Dwayne J. Bensing
Symposium Editor, Vol. 14; Associate Editor, Vol. 13
Juris Doctor, University of Pennsylvania, 2012
Bachelor of Arts, University of Arkansas, 2007
Science or Stigma: Potential Challenges to the FDA's Ban on Gay Blood, 14 U. Pa. J. Const. L. 485 (2011)
Truman Scholar, Arkansas 2006
LGBT Bar's 40 Under 40, 2014
Current Career Placement/Highlights:
Dwayne is a Trial Attorney with the Department of Justice, Civil Rights Division, Educational Opportunities Section, focusing on the Section's desegregation docket as well as discrimination claims by transgender students. Prior to joining the DOJ, Dwayne was an associate at Fried, Frank, Harris, Shriver & Jacobson, LLP, in Washington D.C. While with Fried Frank, Dwayne worked on two asylum matters and represented a transgender client in a federal discrimination case. Dwayne joined Teach for America and taught middle-school Science and Social Studies in inner-city Philadelphia before attending Penn Law. While at Penn, he interned with the Pennsylvania Human Relations Commission and the Committee on House Administration in the U.S. House of Representatives, co-founded the Penn Civil Rights Law Project, and was President of Lambda Law.
What Do You Miss Most About Serving on the Journal of Constitutional Law:
Friendship through adversity. At 9:51pm the night before our 15th Anniversary Symposium, and while the Philadelphia area was under a winter weather advisory, my keynote speaker backed-out because he had learned that another professor's scholarship was critical of his work. Under other circumstances, this may have caused a panic; but, Vol. 14 had already dealt with a string of seemingly never-ending obstacles leading up to our big event: hosting the event off-campus because of unplanned construction, dealing with late-night phone calls from testy professors, and other more typical "emergencies" that come with the territory. Working with Dean Fitts and our Editor-in-Chief Vivian Lee, we concocted a last-minute alternative for our lunch-time programming and the show went on swimmingly. I know the experience brought our Journal closer together and we felt as though we had really accomplished something. I'll never forget the camaraderie we gained through working together on JCL.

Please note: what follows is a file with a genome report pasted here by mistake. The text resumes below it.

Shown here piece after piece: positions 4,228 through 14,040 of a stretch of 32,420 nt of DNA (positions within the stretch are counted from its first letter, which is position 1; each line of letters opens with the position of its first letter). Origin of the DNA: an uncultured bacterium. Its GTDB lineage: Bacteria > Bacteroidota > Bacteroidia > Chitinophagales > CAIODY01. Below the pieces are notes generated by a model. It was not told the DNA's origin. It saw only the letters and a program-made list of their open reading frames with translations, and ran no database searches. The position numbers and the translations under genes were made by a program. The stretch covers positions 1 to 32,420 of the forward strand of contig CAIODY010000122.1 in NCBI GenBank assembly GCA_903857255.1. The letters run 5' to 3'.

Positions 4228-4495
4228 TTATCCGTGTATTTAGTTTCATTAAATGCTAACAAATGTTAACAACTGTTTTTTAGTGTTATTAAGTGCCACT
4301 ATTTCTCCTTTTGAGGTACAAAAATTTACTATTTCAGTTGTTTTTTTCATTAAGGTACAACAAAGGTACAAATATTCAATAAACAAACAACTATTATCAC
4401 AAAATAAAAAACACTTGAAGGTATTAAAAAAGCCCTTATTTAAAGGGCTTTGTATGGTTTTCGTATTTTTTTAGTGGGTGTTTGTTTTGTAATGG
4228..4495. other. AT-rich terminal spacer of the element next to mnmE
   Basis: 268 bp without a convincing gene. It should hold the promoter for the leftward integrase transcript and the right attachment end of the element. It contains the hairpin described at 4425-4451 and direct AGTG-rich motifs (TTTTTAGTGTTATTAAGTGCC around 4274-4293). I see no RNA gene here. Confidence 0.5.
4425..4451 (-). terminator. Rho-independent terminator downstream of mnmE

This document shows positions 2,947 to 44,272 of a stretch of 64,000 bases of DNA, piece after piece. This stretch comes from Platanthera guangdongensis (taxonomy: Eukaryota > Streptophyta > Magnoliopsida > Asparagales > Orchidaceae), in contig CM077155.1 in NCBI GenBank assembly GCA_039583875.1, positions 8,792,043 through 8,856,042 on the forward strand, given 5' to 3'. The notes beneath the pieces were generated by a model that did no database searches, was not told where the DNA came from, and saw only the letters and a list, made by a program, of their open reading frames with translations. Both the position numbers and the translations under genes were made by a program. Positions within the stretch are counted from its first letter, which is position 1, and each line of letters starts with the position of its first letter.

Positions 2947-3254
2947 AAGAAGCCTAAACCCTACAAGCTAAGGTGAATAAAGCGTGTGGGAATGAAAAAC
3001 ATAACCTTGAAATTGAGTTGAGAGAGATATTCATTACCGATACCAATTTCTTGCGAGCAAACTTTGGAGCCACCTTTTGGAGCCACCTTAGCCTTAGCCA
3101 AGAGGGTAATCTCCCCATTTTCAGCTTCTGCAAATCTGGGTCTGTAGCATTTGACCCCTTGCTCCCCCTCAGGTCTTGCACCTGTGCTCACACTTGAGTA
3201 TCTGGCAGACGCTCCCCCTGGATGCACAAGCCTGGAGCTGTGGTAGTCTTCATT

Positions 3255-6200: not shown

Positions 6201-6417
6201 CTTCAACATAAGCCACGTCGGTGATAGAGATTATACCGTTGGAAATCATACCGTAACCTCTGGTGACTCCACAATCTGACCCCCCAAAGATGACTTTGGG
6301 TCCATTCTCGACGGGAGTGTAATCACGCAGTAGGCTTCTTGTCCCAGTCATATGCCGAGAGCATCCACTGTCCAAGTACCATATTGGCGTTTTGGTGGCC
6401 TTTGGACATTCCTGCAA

Favorite Experience While on the Journal of Constitutional Law:
My favorite experience while on JCL would be working with Professor Lee and our JCL board to publish my comment. It was on a topic that I had felt strongly about for quite some time, and it felt validating to have my peers appreciate my work and my faculty mentor guide me through the legal obstacles and opportunities available to challenge a discriminatory ban on gay men's blood. When I interviewed for my current position at DOJ, little did I know that I had cited one of my interviewers in a footnote, proving how small the world is and how influential JCL's reach is. The experience made me feel like a true legal scholar for the first time.
Reflection on Penn Law Experience:
Penn Law had been my home from the time I joined my partner Christopher at his1L Orientation Banquet at the Constitution Center in 2007 until Christopher, as an alumni, handed me my diploma at my graduation in 2012. In some ways, Penn Law will always feel like home because of those five years we spent there, gaining lifelong friendships, mentors, and memories. I'm always proud to return to Penn Law and meet current law students who are on JCL or involved with Lambda Law or work on the Civil Rights Law Project, because we are able to make an immediate bond forged by our experiences shared while students at Penn Law.